It takes a certain type of dancer to compete in West Coast Swing dance — after all, you show up to a competition not knowing who you will dance with, what song you will dance to or even what your dancing will ultimately end up looking like. It’s a competition where you can’t prepare for what you’ll be judged on, but Jamie Callahan, EdD, a clinical professor in the School of Education, thrives on the surprise.
West Coast Swing is one of the more social and relaxed swing dance styles, but it also stands out from many of the other types of partner dances because it encourages spontaneity when it comes to partners, costumes, dance moves and music. Dancers are judged on their timing, teamwork and technique.
“Of all of the social dances, the West Coast Swing is probably the most versatile but it’s also one of the hardest, along with tango,” Callahan said. “When you go to a competition, you have no idea what music you’re going to get. When the first beat of music hits, you have to dance. And sometimes you have to dance to a song that you have literally never, ever heard before in your life.”
Competitions usually include the music genres of blues, contemporary pop and R&B, with others often thrown in to see if the dancers can dance to a variety of music. In the preliminary round of one competition in 2011, Callahan went from dancing to classic blues, to R&B, to contemporary pop (Ke$ha!) and finally to an old smoothie.
It’s just one of the dance’s many characteristics that keeps you on your toes, so to speak. West Coast Swing has a basic but flexible rhythm pattern found in other swing styles, which Callahan started dancing in 1999. She’s stayed with West Coast Swing the longest.
“What I like about it is that in many ways, it’s an intellectual challenge. With your partner, whoever that is, you’re both listening to the same music and trying to do your own part to the music, but at the same time, we’re both trying to interpret the music as we hear it while working together to tell a story,” she said.
Callahan prefers the “Jack and Jill” style of competition, in which a competitor is randomly paired with partners to be judged individually and as a unit. Her favorite video of a dance is from a competition where her name was picked out of the hat to be partnered with a random man — after she had joked she’d get matched up with him because they had never danced together before.
Other West Coast Swing competitions allow the dancer to pick a partner to dance to random music with, or pick a partner to practice a classic routine with choreography and coordinating costumes. While she does engage in those types — she’s currently planning a routine to the B-52’s “Love Shack” — she thinks the “Jack and Jill” dances are the best ways to meet people and test your skills as a true dancer.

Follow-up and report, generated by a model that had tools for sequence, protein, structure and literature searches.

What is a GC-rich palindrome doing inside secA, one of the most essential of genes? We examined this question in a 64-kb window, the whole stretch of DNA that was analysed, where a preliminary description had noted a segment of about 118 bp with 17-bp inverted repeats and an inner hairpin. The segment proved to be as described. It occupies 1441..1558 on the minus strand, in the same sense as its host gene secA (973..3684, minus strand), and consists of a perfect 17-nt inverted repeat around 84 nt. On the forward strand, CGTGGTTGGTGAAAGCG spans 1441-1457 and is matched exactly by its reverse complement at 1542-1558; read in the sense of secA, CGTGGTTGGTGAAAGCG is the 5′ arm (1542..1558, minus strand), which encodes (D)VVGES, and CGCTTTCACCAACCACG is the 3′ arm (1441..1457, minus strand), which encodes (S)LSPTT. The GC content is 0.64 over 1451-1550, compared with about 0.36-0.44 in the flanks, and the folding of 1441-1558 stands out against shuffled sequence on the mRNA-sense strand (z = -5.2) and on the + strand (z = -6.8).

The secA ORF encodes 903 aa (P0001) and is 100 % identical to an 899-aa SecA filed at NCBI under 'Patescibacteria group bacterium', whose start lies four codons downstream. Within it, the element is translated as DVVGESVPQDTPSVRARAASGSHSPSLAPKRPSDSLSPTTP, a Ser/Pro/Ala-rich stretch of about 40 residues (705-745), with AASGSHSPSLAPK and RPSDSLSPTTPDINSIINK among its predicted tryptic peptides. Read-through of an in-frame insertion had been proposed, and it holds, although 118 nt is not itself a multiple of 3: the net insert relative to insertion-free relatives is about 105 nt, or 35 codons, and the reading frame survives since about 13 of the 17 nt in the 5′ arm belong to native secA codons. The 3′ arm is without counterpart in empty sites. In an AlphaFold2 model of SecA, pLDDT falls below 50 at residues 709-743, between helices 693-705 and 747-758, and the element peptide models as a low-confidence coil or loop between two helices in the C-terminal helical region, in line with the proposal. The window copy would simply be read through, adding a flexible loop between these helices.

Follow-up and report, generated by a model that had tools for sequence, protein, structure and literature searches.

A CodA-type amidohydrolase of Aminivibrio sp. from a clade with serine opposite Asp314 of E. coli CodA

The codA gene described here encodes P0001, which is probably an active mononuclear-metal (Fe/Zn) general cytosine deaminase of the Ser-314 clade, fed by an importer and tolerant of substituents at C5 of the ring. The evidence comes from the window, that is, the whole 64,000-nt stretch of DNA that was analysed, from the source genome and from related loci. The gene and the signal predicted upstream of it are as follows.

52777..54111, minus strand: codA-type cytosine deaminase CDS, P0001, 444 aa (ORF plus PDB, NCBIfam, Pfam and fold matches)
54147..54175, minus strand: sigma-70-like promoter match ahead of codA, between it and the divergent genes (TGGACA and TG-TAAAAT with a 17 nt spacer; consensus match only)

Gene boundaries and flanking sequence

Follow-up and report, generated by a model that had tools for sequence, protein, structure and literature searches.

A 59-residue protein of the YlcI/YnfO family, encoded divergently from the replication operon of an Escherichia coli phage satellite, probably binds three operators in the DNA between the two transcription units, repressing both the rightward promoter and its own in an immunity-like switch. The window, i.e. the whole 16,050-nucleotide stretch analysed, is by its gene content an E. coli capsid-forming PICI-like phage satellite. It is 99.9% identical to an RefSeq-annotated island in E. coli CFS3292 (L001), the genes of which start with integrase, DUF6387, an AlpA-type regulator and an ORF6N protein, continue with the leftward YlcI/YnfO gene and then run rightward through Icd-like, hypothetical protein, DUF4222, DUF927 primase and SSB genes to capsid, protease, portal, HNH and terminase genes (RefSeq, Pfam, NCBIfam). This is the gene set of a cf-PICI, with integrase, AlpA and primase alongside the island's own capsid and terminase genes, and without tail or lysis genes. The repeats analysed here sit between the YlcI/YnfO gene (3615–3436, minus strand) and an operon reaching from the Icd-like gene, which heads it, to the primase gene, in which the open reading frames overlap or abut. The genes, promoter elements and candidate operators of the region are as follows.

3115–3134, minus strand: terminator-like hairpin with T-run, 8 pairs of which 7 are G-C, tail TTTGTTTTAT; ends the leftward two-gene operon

“There’s a special community when you walk into a ballroom and there are all sorts of people who are hearing the same music and creating a different story in partnerships all across the floor,” she said.
Callahan was even inspired to write an article about what the way people interact on the dance floor (how they lead or follow, how they work well with others) reveals about who they are as a person.
“I really love the social aspect of getting to meet people from all walks of life based on who they are as human beings, not as who they are because of whatever label they happen to wear. So often, when you meet someone, they ask, ‘What do you do?’ and they want to what your status is, like your occupation. But when you’re dancing, all of those barriers are completely broken down. And it’s based on how you treat someone as a fellow dancer,” she said. “I don’t know the education level or the occupation or the age of half of the people I consider my good dancing friends.”
Callahan has met a lot of fellow dancers over the years. She socially dances about once a week, practices regularly when she’s doing a routine and has taken private and public lessons. When she first started competing, she went to 12 to 15 events a year; she goes to about half that many now. Her work has paid off: West Coast Swing dancers are assigned ranks, from lowest to highest, of newcomer novice, novice, intermediate, advanced, all-star or champion dancer. She’s an all-star.
She prefers the West Coast Swing dance communities in Washington, D.C., and Boston, and she’s even danced in a completion in Birmingham, England (it happened when she was at Coventry University for a visiting professorship). Even in Philadelphia, there are two national-level competitions, one of which is coming up in September and features a “So You Think You Can Dance” winner, Benji Schwimmer, on staff. The city has such a following that she and others teach classes on how to both lead and follow.
Which does she prefer? Following, because she can be freer with her footwork and body movements. In other words, Callahan gets a kick out of being more creative in a dance that already forces its dancers to get creative on the fly.
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